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Rights in criminal cases.
Trials in civil cases.
Bail, fines, &c.
probable cause, supported by oath or affirmation, and particularly describing the place to be searched and the persons or things to be seized.
3 Cr., 448; 6 Binn., 316, 18 How., 71, 272; 1 Op., 229; 2 Op., 266; 4 Wh., 100.
No person shall be held to answer for a capital or otherwise infamous crime, unless on a presentment or indictment of a grand jury, except in cases arising in the land or naval forces, or in the militia when in actual service in time of war or public danger; nor shall any person be subject for the same offence to be twice put in jeopardy of life or limb; nor shall be compelled in any criminal case to be a witness against himself; nor be deprived of life, liberty, or property, without due process of law; nor shall private property be taken for public use without just compensation.
9 Wh., 579; 4 Wash., 402; 2 Sum., 19; 1 Wal. R. J., 127; Bald., 220; 12 S. & R., 221; 3 Cow., 686; 2 Cow., 815; 8 W., 85; 7 Pet., 243, 551; 5 How., 434; 18 How., 276.
In all criminal prosecutions, the accused shall enjoy the right to a speedy and public trial by an impartial jury of the state and district wherein the crime shall have been committed, which district shall have been previously ascertained by law; and to be informed of the nature and cause of the accusation; to be confronted with the witnesses against him; to have compulsory process for obtaining witnesses in his favor; and to have the assistance of counsel for his defence.
9 Wh., 579; Wall., 106; 1 Burr Tr., 179; 10 W., 449.
In suits at common law where the value in controversy shall exceed twenty dollars, the right of trial by jury shall be preserved; and no fact tried by a jury shall be otherwise reexamined in any court of the United States than according to the rules of the common law.
1 Pet., 469, 476; 3 Pet., 433, 6 Pet., 598; 3 Dal., 297; 11 How., 437; Bald., 544; 5 McL., 569; 2 Pa., 348, 578; 12 Harr., 289; 1 Gall., 20; 24 W., 137.
Excessive bail shall not be required, nor excessive fines imposed, nor cruel and unusual punishments inflicted.
20 J. R., 459; 12 S. & R., 220; 3 Cow., 686.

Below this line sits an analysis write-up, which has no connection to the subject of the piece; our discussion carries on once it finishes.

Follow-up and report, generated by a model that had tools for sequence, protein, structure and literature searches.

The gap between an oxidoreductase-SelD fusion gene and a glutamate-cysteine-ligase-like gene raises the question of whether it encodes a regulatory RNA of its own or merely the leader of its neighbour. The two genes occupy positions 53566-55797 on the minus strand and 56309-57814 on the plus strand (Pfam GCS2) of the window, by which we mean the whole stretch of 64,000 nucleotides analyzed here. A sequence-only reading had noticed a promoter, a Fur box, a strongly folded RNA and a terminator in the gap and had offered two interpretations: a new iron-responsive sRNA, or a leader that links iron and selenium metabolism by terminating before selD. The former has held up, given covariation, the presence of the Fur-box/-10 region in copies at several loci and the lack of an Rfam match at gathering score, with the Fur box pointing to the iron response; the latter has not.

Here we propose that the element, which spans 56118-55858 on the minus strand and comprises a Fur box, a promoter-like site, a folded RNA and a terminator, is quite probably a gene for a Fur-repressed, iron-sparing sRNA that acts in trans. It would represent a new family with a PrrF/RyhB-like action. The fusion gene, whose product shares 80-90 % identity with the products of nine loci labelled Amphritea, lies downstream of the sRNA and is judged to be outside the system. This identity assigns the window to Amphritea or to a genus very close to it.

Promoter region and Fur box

The enumeration, in the constitution, of certain rights shall not be construed to deny or disparage others retained by the people.
1 W. & M., 401; 3 S. & R., 169.
The powers not delegated to the United States by the con- Powers stitution, nor prohibited by it to the states, are reserved to the states, respectively, or to the people.
1 McL., 234.
[The foregoing ten amendments were ratified as follows:]
By New Jersey, 20 November, 1789.
"North Carolina, 22 December, 1789.
[The following was proposed by the congress held in Philadelphia on 2 December, 1793, and was declared by a message from the president, dated 8 January, 1798, to have been adopted by the constitutional number of states.]
The judicial power of the United States shall not be con- Limitation strued to extend to any suit in law or equity commenced or power. prosecuted against one of the United States by citizens of another state, or by citizens or subjects of any foreign state.
3 Pet., 431; 7 Pet., 627; 11 Pet., 324; 5 Cr., 115; 6 Wh., 264; 9 Wh.,
[The following was proposed at the first session of the 8th congress held in Washington, 17 October, 1803, and was declared, by a notice of the secretary of state, dated 25 September, 1804, to have been adopted by the constitutional number of states.]
The electors shall meet in their respective states, and vote, Election of by ballot, for president and vice-president, one of whom, at and viceleast, shall not be an inhabitant of the same state with them- president. selves; they shall name in their ballots the person voted for as president, and in distinct ballots the person voted for as vice-president; and they shall make distinct lists of all persons voted for as president, and of all persons voted for as vice-president, and of the number of votes for each, which lists they shall sign and certify, and transmit sealed to the seat of the government of the United States, directed to the president of the Senate; the president of the senate shall, in the presence of the senate and house of representatives, open all the certificates, and the votes shall then be counted; the person having the greatest number of votes for president shall be the president, if such number be a majority of the whole number of electors appointed; and if no person have
such majority, then from the persons having the highest numbers, not exceeding three, on the list of those voted for as president, the house of representatives shall choose, immediately by ballot, the president. But, in choosing the president, the votes shall be taken by states, the representation from each state having one vote; a quorum for this purpose shall consist of a member or members from twothirds of the states, and a majority of all the states shall be necessary to a choice. And if the house of representatives shall not choose a president whenever the right of choice shall devolve upon them, before the fourth day of March next following, then the vice-president shall act as president, as in the case of the death or other constitutional disability of the president. The person having the greatest number of votes as vice-president shall be the vice-president, if such number be a majority of the whole number of electors appointed, and if no person have a majority, then from the two highest numbers on the list, the senate shall choose the vice-president; a quorum for the purpose shall consist of two-thirds of the whole number of senators, and a majority of the whole number shall be necessary to a choice. But no person constitutionally ineligible to the office of president shall be eligible to that of vice-president of the United States.